The Mobile Warming LTD Max heated gloves are comfortable and have a thinner profile than the Volt Titan gloves reviewed in Part 1 of this series. The thinner profile provided by the Exkin Air insulation has a downside, however.
The Mobile Warming gloves registered the same 150° F as the Volt Titan gloves, but the LTD Max gloves just don’t seem to provide as much heat when riding in cool weather. We think the amount of heat is reduced by air flowing over the gloves during riding. The LTD Max gloves are claimed waterproof but the forefinger of the left glove also leaked during our “Bucket Test”.
Although they are listed as a motorcycle glove, the LTD Max gloves have no hard protectors, just like many other winter motorcycle gloves and and heated motorcycle gloves. The batteries in the Mobile Warming LTD Max gloves are rated at 2200 mAh, compared to 2900 mAh of the Volt Titan gloves reviewed in Part 1.
The battery pocket on the Mobile Warming gloves is located off-center, to the inside of the glove gauntlet, which adds to the comfort level when wearing the gloves by providing more room. Overall, the Mobile Warming LTD Max gloves are comfortable and a better fit over heavy winter riding jacket sleeve cuffs than the Volt Titan gloves. Other than the large and heavy battery pack, the Mobile Warming gloves feel very similar to a pair of typical winter motorcycle gloves, which is a plus.
It’s not often when we have two competing products available simultaneously and at the same physical location and both can be used for a comparison.
The manufacturers may not like their product being compared to others for several reasons, but they don’t mind when their product outperforms the others.
Since we had two battery heated motorcycle gloves available — the Volt Titan gloves (review) and the Mobile Warming LTD Max gloves, it’s only natural to compare and contrast these with our benchmark battery heated gloves.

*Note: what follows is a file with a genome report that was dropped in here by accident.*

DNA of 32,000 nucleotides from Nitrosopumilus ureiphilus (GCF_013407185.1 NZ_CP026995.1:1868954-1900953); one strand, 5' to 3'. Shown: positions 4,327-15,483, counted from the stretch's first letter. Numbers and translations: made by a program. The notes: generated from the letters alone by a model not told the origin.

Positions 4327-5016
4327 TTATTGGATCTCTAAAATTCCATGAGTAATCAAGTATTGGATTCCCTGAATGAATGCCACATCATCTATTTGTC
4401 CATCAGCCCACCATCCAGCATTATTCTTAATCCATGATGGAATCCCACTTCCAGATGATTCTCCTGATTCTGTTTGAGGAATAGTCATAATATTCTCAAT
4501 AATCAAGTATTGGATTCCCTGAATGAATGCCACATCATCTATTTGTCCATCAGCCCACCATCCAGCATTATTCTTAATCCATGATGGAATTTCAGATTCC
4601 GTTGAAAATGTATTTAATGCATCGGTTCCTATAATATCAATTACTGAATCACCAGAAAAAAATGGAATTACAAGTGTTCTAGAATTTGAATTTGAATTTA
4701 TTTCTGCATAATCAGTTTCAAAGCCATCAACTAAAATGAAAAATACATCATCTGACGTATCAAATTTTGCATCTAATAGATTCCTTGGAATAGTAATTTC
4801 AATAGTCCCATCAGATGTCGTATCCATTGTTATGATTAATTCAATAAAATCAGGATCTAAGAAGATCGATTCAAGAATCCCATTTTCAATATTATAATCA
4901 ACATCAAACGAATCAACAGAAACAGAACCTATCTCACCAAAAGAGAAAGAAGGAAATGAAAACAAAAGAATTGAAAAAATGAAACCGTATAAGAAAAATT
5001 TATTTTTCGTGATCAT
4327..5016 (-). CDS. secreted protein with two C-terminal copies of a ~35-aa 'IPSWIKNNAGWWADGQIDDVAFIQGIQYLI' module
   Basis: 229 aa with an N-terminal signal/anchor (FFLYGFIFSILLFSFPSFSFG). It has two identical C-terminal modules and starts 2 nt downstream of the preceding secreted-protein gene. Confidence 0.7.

As I mentioned in the Volt Titan heated gloves review that is Part 1 of this two-part series, there is now a standard design formula for battery heated gloves.
We had mentioned also in that review that “It wasn’t all that long ago when battery heated motorcycle clothing was still a dream. Complicated wires, expensive controls and a pocketful of fuses were needed to stay warm during (really) cold winter riding.”
The advantage of battery heated gloves is that — once the batteries are charged — all you have to do is turn them on, select your desired heat level and ride.
It doesn’t matter if you’re on a bicycle, a 50cc scooter or a Gold Wing; the gloves will provide heat.
The Mobile Warming LTD Max gloves are typical of this “standard formula” for battery heated gloves in 2013. They’re called motorcycle gloves but don’t have any hard protectors and very limited abrasion protection otherwise.
We think all or most of these gloves are probably made in the same factory somewhere in Asia, perhaps by people who have good intentions but don’t really know much about motorcycling.
Why? Because other than the VQuattro Squadra gloves, none of the others have the type of protection demanded by webBikeWorld readers.
Apparently, the manufacturers take an existing “sport” glove used for skiing, snowmobiling and other winter sports, fancy it up a bit and call it a motorcycle glove.
For example, the Mobile Warming gloves have some perforated leather sections over the fingers and main knuckles. Perforated leather on winter gloves? Really?